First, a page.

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Mike Thompson Formally Requests Disaster Aid Funding for Growers

Funding would cover growers who have suffered losses over smoke taint concerns
by Kerana Todorov
November 21, 2018

 U.S. Rep. Mike Thompson has requested disaster funding to help growers and other agricultural producers affected by wildfire smoke. The St. Helena Democrat on Monday requested supplemental funding for agricultural communities affected by this year’s fires in a letter co-signed by 21 members of the U.S. House of Representatives, including U.S. Rep. Doug LaMalfa, R-Oroville.

They seek the re-authorization of the 2017 Wildfire and Hurricane Indemnity Program – or WHIP – which provides aid to agricultural producers affected by hurricanes and wildfires. Funding for the program expires in December unless Congress approves the reauthorization.

Thompson wants the program to cover producers and growers who sustained losses in the wildfires and hurricanes in 2018. “We also ask that any reauthorization of WHIP which include assistance for grapegrowers and other producers whose harvests are tainted by wildfire smoke,” Thompson said in his letter.

“As thousands of Americans begin the arduous process of rebuilding their lives, it is imperative that the federal government provide critical assistance to those affected, including the agricultural community,” Thompson wrote.

The letter was addressed to U.S. Reps. Robert Aderholt, R-Ala., and Sanford Bishop, D-Ga. – respectively chairman and ranking member of the U.S. House of Representatives’ subcommittee on appropriations for agriculture, rural development, Food and Drug Administration, and related agencies.

Thompson wrote the letter about a week after The California Association of Winegrape Growers and other agricultural organizations in Lake and Mendocino counties requested disaster assistance funding for winegrape growers who lost revenues over concerns over smoke taint. The package should also promote federal crop insurance through education and establishing standards around smoke exposure claims; and $5.25 million for research on smoke taint exposure.

Lake County suffered losses of at least 37.1 million – or about half of its typical revenues, according to the letter CAWG sent to Thompson on Nov. 11. Growers reported in September companies such as Constellation Brands and Treasury Wine Estates had rejected fruit over smoke taint concerns.

Mendocino County’s losses are still being established, said Devon Jones, executive director of the Mendocino Farm Bureau, one of the organizations that signed the Nov. 11 letter. These losses are expected to be significant, said Jones, adding she appreciates Thompson’s letter moving forward. Mendocino’s annual winegrape crop typically produces about $120 million in revenues, according to the CAWG letter.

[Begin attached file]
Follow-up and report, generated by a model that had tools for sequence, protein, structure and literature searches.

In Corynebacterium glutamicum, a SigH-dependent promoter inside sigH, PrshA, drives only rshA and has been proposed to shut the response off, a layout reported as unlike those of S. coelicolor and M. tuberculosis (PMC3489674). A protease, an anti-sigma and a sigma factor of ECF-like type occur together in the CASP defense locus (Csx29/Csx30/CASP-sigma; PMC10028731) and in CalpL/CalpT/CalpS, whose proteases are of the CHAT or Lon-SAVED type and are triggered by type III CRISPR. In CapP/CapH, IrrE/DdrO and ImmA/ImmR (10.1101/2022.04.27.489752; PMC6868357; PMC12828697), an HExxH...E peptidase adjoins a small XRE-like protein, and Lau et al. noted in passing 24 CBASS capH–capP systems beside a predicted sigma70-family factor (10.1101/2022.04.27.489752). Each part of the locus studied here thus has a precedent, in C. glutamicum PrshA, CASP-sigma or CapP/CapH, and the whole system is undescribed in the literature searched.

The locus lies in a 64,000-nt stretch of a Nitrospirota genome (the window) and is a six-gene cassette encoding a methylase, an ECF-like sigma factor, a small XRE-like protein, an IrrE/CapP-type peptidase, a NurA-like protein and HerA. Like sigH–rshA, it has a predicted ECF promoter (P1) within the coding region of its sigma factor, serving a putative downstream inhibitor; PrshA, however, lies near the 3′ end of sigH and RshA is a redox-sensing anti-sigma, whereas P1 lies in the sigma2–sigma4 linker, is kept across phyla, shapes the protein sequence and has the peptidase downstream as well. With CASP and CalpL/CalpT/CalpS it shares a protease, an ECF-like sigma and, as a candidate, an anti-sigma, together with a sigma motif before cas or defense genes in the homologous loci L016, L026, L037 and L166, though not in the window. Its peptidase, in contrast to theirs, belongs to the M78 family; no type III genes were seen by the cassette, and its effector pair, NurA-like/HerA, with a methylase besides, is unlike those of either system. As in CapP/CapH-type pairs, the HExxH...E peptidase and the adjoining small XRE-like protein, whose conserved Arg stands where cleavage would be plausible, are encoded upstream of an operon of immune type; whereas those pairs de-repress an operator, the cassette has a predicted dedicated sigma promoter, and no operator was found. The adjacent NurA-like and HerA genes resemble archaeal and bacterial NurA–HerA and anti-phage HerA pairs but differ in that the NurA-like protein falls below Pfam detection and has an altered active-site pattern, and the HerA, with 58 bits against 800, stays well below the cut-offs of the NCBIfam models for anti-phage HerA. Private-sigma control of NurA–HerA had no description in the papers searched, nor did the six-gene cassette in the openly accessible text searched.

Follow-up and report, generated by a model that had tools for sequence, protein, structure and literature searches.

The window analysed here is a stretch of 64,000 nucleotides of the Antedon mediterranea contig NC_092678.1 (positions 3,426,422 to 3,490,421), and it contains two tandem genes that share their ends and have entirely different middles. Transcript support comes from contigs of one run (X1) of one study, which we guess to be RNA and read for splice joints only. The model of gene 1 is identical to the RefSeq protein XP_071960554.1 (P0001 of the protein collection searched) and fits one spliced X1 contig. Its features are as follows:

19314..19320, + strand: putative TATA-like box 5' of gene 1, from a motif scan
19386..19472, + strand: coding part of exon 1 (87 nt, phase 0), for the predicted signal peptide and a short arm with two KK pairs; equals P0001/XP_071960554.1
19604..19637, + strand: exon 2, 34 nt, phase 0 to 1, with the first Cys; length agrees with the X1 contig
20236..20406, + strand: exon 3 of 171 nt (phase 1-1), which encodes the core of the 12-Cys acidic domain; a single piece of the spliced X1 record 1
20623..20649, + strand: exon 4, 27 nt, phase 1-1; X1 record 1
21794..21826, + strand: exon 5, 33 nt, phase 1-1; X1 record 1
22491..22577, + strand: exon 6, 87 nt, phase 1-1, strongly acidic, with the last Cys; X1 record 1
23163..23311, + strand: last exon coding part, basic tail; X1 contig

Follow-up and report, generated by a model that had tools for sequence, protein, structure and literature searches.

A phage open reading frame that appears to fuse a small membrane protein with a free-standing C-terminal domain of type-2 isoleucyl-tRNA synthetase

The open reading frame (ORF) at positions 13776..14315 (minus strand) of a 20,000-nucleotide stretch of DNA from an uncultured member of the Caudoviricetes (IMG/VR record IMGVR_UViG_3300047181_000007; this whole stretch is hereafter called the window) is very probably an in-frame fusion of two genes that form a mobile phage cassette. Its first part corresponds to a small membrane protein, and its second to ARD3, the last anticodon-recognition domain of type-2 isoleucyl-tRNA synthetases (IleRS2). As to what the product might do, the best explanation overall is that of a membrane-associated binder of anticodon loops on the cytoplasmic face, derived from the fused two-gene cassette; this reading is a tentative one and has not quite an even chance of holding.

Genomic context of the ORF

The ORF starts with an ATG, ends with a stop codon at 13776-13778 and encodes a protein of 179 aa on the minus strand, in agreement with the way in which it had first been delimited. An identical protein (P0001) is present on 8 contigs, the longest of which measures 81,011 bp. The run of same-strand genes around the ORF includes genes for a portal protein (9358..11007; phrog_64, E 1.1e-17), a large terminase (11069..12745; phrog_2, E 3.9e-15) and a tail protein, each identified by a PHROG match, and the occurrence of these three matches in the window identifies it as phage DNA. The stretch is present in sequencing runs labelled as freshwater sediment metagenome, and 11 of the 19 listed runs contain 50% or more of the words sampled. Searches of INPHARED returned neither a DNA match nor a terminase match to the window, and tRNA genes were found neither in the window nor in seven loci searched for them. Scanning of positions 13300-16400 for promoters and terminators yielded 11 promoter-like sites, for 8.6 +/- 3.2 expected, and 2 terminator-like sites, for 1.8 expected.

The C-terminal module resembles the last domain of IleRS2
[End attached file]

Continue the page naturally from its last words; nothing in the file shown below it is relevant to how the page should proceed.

John Aguirre, CAWG president, is also grateful for Thompson’s efforts. “We are very appreciative of Rep. Thompson’s efforts to organize California support for disaster assistance aimed at helping winegrape growers affected by wildfires,” Aguirre said in an email Tuesday. “It’s very important for growers to know that assistance will be available to cover losses suffered in 2018. So passage of a supplemental funding bill that extends WHIP to cover 2018 losses is essential. Growers are planning for the year ahead and they need ahead and they need clarity around their financial situation.”

The Lake County Winegrape Commission also signed the Nov. 11 letter to Thompson, which included the request of the $5.25 million for research on smoke exposure. “We hope the topics of crop insurance and research also will be addressed in the coming months,” Debra Sommerfield, president of the Lake County Winegrape Commission, said Tuesday in a written statement. “Wildland fires are unpredictable and a recurring phenomenon in California and elsewhere on the West Coast. The assistance sought on behalf of grape growers will not only help those growers whose crops were affected by wildland fires this year but also in future years.”

Thompson’s letter cited a number of wildfires that scorched thousands of acres in the Golden State this year including the Mendocino Complex Fire which burned 460,000 acres in Lake Mendocino, Colusa and Glenn counties; the Carr Fire in Shasta and Trinity counties after scorching nearly 230,000 acres and destroying more than 1,000 houses; the Camp Fire that recently destroyed the town of Paradise in Butte County this month, costing the lives of more than 80 residents; and the Woolsey Fire west of Los Angeles that burned 425 structures. The burned structures included a number of wineries and vineyards in the Malibu Coast AVA, according to news reports.

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